Now, nearly a decade later, the Government argues that the Ahvakanas filed their Complaint two days before the expiration of the six-month window, thus depriving this Court of jurisdiction.[11] The parties appear to agree that Plaintiffs sent the HHS claim form via Three-Day Certified Mail on July 10, 2012.[12] Plaintiffs argue that HHS received its claims three days later, on July 13, 2012, which would satisfy the six-month requirement.[13] The Government argues that HHS received the claims six days after postmark, on Monday, July 16, 2012-two days shy of the six-month requirement.[14]


The parties engaged in substantive litigation regarding which date HHS received the claims. Much of the evidence has been lost or destroyed in the seven years between when the claims were mailed and when the Government filed its present motion, presumably because, until this point, the parties agreed that six months had elapsed.[15] In support of its position, the Government provided the HHS claims, which show “received by” stamps dating July 16, 2012, and a letter mailed to the Ahvakanas stating that HHS received the claims on July 16, 2012.[16] In support of their position, the Ahvakanas provide statistics on Certified Mail and evidence of the mail-room processes of HHS, which they use to suggest the agency may have received the form on Friday July 10, but failed to process it until Monday, July 16.[17]

The Ahvakanas argue that, regardless of the factual dispute, the Government is bound to its admission in the pleadings that six months had elapsed since the claims were received by HHS and the Complaint was filed. In the alternate, they ask the Court to craft an equitable remedy that would allow their claim to proceed.[18]


Under Rule 12(b)(1), a defendant may challenge subject matter jurisdiction in one of two ways:

A “facial” attack accepts the truth of the plaintiff's allegations but asserts that they are insufficient on their face to invoke federal jurisdiction. . . .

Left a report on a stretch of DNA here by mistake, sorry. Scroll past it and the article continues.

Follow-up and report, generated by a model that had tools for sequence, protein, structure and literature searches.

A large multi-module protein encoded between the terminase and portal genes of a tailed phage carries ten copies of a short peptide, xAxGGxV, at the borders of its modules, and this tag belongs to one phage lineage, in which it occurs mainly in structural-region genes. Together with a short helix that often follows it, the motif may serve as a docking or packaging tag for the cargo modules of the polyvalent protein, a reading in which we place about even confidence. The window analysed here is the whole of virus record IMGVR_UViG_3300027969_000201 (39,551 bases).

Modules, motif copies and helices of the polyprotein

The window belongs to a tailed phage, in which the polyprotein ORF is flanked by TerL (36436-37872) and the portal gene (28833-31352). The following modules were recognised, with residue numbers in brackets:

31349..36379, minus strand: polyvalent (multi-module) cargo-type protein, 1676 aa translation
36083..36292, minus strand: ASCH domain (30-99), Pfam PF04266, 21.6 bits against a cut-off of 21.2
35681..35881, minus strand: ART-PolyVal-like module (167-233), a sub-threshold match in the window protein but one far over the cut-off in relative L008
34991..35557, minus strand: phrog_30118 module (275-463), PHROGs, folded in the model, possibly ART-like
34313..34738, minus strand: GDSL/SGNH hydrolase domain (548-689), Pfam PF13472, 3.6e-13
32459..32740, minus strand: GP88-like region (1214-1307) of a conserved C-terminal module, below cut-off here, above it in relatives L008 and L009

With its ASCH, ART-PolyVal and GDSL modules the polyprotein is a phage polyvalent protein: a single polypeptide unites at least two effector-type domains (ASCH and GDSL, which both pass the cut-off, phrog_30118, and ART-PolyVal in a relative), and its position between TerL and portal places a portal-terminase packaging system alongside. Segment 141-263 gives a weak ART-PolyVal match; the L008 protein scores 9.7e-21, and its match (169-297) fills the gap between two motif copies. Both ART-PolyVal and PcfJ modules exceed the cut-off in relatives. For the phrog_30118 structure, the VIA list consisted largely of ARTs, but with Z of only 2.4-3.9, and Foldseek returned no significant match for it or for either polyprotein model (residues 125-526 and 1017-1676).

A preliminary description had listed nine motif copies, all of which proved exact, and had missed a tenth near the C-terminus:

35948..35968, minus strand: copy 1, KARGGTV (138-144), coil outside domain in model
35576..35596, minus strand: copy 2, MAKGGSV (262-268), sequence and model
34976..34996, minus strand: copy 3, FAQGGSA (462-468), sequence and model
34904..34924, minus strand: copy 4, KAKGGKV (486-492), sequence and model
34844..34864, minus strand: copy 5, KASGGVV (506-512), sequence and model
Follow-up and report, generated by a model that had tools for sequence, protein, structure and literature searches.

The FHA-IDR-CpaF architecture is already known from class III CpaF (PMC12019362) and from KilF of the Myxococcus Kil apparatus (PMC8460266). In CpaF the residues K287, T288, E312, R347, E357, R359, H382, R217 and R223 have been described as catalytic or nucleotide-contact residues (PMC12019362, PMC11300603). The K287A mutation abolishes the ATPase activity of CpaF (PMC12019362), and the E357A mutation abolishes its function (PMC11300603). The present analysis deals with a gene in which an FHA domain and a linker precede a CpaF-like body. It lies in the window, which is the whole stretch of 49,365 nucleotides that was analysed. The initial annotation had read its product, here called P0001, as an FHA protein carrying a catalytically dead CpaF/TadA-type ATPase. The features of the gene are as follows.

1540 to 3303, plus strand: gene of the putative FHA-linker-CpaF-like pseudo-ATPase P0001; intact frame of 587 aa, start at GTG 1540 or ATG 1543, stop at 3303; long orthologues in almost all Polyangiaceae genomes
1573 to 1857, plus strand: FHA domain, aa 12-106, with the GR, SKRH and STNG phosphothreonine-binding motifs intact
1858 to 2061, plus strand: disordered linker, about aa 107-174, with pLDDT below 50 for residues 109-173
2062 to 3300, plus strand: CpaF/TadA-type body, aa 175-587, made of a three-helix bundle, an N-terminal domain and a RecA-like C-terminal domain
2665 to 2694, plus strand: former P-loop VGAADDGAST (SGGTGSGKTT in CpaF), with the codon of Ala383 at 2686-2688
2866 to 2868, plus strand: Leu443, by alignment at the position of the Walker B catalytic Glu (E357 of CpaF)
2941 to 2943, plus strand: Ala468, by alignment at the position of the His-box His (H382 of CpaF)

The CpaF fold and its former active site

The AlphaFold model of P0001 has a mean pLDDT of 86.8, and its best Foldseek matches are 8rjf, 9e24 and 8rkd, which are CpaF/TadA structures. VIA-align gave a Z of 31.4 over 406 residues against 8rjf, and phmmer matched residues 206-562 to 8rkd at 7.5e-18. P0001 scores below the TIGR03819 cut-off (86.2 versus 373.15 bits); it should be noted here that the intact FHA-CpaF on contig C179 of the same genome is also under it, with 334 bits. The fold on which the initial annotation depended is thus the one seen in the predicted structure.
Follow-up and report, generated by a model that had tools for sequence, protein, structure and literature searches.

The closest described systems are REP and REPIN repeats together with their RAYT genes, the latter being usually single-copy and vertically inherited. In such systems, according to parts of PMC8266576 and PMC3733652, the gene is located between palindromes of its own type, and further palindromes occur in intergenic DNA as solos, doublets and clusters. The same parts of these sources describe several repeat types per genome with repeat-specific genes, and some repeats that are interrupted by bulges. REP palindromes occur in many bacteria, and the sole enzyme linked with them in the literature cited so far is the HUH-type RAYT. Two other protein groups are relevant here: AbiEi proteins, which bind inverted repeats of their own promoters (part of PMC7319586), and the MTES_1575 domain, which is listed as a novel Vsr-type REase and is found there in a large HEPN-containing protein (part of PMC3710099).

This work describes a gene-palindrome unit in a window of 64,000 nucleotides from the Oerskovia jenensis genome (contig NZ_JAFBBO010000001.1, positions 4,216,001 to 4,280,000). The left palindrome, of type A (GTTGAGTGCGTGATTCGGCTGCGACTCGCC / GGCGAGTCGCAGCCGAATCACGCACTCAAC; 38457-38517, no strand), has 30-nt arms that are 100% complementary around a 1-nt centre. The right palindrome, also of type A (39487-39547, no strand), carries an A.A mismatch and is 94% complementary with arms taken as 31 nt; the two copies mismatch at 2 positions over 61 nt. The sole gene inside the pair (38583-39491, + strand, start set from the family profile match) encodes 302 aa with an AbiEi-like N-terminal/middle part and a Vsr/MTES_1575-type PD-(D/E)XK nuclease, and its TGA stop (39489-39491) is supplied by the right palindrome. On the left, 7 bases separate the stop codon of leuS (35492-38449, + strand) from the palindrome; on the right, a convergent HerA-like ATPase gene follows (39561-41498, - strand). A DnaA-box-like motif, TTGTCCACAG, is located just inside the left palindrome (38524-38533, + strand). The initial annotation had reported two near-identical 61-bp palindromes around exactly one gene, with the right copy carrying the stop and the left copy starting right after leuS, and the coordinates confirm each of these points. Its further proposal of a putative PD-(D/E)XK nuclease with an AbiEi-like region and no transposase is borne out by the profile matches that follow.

A “factual” attack, by contrast, contests the truth of the plaintiff's factual allegations, usually by introducing evidence outside the pleadings. When the defendant raises a factual attack, the plaintiff must support her jurisdictional allegations with “competent proof[]” under the same evidentiary standard that governs in the summary judgment context. The plaintiff bears the burden of proving by a preponderance of the evidence that each of the requirements for subject-matter jurisdiction has been met. . . . [I]f the existence of jurisdiction turns on disputed factual issues, the district court may resolve those factual disputes itself.[19]


This case involves a seemingly complex factual dispute with a straightforward resolution. Seven years into litigation and after the statute of limitations has run, the Government challenges the date that HHS received Plaintiffs' FTCA claim forms. However, the Government's pleadings admit that six months had elapsed between when HHS received the claims and when Plaintiffs filed their Complaint in the district court.

The Court finds that the Government made a binding judicial admission that it has not sufficiently withdrawn. Further, the Court declines to exercise its discretion to reject that admission. Judicial admissions serve to withdraw certain facts from future contention. Thus, while the Government is not estopped from challenging subject matter jurisdiction, the formal admission prevents it from later denying its own factual statement